L.A. County leaders on Tuesday endorsed a proposed pilot project that would make the county a safe haven for women who seek abortions and related health care needs.

The all-woman board unanimously backed the project and will have its legislative advocates in Sacramento push for a state bill that would create a program through which Los Angeles County could provide abortion services to women regardless of residency.

Los Angeles City Council President Nury Martinez’s office cited a study that said California is likely to experience a 3,000% increase — from 46,000 to 1.4 million — in women of reproductive age whose closest abortion provider is in California.

The item had, coincidentally, been on the board’s Tuesday agenda ahead of Politico reporting Monday night that the Supreme Court had voted to overturn Roe. That report seemingly confirmed what legal experts had long suspected — that the Supreme Court, with six Republican-appointed justices, was set dismantle the federal abortion protections Roe provided and place access to that health care procedure within the legislative purview of individual states.

Twenty-four states, according to the Center for Reproductive Rights, are poised to ban abortion if the court strikes Roe down.

The Board of Supervisors, however, is not the only local agency working to prepare for California to become a safe haven.

Long Beach has been has been working since early February to identify extra funding for reproductive health care access — including potentially launching a local full-spectrum health care pilot plan should state funding be available, according to a Tuesday press release from the city’s health department.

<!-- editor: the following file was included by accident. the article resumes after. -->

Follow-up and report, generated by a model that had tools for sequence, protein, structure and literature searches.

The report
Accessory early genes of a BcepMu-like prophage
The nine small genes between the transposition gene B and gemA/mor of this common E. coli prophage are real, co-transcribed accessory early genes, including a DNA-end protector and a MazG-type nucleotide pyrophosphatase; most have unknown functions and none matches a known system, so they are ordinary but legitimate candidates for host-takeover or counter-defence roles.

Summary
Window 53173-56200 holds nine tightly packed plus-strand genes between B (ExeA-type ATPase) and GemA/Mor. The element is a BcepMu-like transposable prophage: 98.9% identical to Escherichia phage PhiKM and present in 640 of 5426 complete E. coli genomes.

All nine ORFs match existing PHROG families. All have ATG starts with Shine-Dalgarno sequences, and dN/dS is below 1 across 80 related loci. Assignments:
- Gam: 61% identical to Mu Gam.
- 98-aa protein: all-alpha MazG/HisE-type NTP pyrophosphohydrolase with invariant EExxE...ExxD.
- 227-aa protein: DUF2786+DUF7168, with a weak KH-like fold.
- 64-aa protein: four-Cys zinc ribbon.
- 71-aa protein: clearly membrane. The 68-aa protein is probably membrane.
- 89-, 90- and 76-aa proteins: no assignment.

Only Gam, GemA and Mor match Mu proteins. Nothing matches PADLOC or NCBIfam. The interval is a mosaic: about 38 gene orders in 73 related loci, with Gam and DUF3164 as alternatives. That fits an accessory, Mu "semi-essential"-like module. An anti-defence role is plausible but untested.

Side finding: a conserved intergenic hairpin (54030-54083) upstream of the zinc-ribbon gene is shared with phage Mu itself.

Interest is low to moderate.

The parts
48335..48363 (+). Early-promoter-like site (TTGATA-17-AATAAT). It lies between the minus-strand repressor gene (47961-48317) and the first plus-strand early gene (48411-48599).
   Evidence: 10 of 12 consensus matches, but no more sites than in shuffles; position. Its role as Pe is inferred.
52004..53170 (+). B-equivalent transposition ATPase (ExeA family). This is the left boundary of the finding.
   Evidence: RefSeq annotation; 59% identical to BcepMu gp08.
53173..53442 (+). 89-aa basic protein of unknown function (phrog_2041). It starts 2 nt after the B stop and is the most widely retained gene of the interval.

The city is also developing plans to enhance medical training, expand the health care workforce and create a uniform health care referral system to help reduce barriers to care.

The health department is also partnering with local community organizations, including Planned Parenthood, to understand existing services in the city and how they can be expanded, the release said.

Martinez introduced a motion aimed at preparing the city for the possible influx of people from other states seeking abortions in California.

“A woman’s right to an abortion is crucial to our fight for equality in America,” Martinez said. “We cannot ask women to risk their lives by revoking their right to a safe medical procedure.”

The motion, if it passes, would direct the chief legislative analyst to coordinate the city’s response with the Los Angeles County departments of Health Services and Public Health.

The chief legislative analyst would identify how the city could respond to a possible increase in demand for abortions in Los Angeles.